Charlie Chaplin and Eric Campbell in The Rink (1916) Spanish Divisa Blu-ray screenshot

Charlie Chaplin and Eric Campbell in The Rink (1916) Spanish Divisa BD screenshot; it goes from this…

Charlie Chaplin and Eric Campbell in The Rink (1916) US Flicker Alley Blu-ray screenshot

US Flicker Alley BD screenshot; to this…

Charlie Chaplin and Eric Campbell in The Rink (1916) UK BFI Blu-ray screenshot

UK BFI BD screenshot; good, better and best.

Kudos, by the way, to my good friend Valerio Greco, who was the first to spot these improvements and note them on his Silent Valerio Page. Praise too, for Doug Weir, producer at the BFI, who insisted on holding back both their sets to make them the absolute best they could be.

As with the latest Essanay restorations, the US, UK and Spain are the only countries to get them in HD. The scores vary a lot between the different sets:

  • The US, Italian, German and French sets have two new scores per film: a default small orchestra or period score, and a second option of an improvised piano accompaniment. Apart from One A.M. (1916) that is, which reuses the previous orchestral Carl Davis score, again paired with a new piano accompaniment.
  • The UK set features all 23 new scores, as well as the rest of the earlier Carl Davis ones. So except in the case of One A.M., which has two, every film has three scores; that’s a total of 35 soundtrack choices between the 12 films! We are truly spoiled.
  • The Spanish set ‘only’ contains the brilliant Carl Davis scores.

As great as all the Mutual scores are, those by Carl Davis are most fans’ favoured choice. This marks their third outing on disc, having now accompanied all three major restorations. Re-recorded highlights of them are compiled on the Loitering Without Intent CD (2015, also on MP3), released to coincide with the BFI sets. It features excellent sleeve notes on the inspiration behind his creative process.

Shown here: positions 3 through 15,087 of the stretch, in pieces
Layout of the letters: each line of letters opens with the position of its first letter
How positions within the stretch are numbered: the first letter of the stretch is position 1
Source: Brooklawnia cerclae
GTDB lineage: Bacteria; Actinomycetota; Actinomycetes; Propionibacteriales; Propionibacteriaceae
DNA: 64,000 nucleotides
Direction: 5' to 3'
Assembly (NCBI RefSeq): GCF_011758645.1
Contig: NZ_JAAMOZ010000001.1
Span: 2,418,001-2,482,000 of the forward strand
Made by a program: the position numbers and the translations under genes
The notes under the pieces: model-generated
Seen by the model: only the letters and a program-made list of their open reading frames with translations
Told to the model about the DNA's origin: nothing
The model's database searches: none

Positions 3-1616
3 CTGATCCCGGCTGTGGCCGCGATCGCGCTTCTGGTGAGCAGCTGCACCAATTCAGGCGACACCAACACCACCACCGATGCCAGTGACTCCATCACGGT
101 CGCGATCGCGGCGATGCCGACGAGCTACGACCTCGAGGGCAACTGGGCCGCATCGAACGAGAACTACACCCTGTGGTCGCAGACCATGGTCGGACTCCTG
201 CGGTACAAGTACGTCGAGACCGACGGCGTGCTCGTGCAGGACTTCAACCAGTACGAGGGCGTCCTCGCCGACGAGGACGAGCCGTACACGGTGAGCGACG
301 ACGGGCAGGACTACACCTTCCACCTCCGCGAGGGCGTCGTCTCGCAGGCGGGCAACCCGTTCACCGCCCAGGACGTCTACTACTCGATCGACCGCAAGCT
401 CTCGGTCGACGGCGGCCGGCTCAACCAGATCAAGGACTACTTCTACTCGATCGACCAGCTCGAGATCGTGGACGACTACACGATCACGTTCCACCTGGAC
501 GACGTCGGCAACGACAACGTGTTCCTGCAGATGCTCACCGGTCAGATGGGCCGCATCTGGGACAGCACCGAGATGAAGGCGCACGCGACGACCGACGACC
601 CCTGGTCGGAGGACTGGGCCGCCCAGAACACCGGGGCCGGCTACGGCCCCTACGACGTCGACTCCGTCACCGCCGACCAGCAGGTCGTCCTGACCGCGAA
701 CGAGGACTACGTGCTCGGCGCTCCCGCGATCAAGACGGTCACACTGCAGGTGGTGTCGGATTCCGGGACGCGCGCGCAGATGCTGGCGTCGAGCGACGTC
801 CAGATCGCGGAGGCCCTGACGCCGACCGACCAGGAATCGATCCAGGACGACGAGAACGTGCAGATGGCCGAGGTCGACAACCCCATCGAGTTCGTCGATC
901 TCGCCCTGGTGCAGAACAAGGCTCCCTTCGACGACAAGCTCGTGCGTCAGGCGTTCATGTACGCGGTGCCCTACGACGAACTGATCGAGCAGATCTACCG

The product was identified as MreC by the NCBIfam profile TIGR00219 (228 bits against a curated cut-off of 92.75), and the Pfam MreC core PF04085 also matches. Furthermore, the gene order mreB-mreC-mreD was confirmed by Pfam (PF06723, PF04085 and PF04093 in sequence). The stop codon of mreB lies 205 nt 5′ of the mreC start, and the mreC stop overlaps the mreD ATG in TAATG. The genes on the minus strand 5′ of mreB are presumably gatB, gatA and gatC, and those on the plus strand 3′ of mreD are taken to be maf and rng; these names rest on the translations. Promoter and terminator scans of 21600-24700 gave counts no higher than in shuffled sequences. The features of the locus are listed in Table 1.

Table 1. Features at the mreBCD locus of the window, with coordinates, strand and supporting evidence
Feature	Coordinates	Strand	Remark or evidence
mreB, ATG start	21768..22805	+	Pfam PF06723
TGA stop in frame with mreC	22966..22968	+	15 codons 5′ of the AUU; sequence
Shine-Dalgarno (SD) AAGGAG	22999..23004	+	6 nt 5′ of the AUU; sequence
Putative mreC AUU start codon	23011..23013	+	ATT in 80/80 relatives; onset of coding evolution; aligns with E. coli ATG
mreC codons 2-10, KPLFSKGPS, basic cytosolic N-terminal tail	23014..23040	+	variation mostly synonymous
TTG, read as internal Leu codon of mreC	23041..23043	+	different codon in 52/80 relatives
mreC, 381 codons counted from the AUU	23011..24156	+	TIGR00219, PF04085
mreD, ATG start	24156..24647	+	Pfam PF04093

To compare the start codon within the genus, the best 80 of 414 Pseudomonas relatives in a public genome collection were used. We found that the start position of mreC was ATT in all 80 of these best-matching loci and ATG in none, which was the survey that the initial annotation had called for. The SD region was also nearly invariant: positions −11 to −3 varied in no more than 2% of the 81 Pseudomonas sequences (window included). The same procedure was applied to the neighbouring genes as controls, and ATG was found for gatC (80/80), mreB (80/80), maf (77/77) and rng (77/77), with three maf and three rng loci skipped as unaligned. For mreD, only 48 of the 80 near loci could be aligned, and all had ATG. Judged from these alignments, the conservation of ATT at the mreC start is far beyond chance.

The extras vary widely too but are uniformly excellent, with little or no overlap between them. For instance, the US set has two documentaries: the twice previously released Chaplin’s Goliath (1996, 52min) and The Birth of The Tramp (2013, 59min), an English language version of the French-made La naissance de Charlot. The UK has full length audio commentaries for all 12 films by a variety of leading Chaplin experts. It also has some short video extras: two short newsreels, “Chaplin Signs the Mutual Contract” (1916, 34sec) and “Charlie on the Ocean” (1921, 5min), and an interview with composer Carl Davis (9min). Both also have substantial glossy booklets. Meanwhile, the Spanish set is pretty stacked: it has The Birth of The Tramp again, this time in its original French with optional Spanish or Portuguese subs. It also has two Chaplin Essanays, His Regeneration (1915) and Triple Trouble (1918); five Keystone and Essanay shorts starring Roscoe “Fatty” Arbuckle, Mabel Normand and Ben Turpin; an early Chaplin cartoon and a restoration featurette to round things off.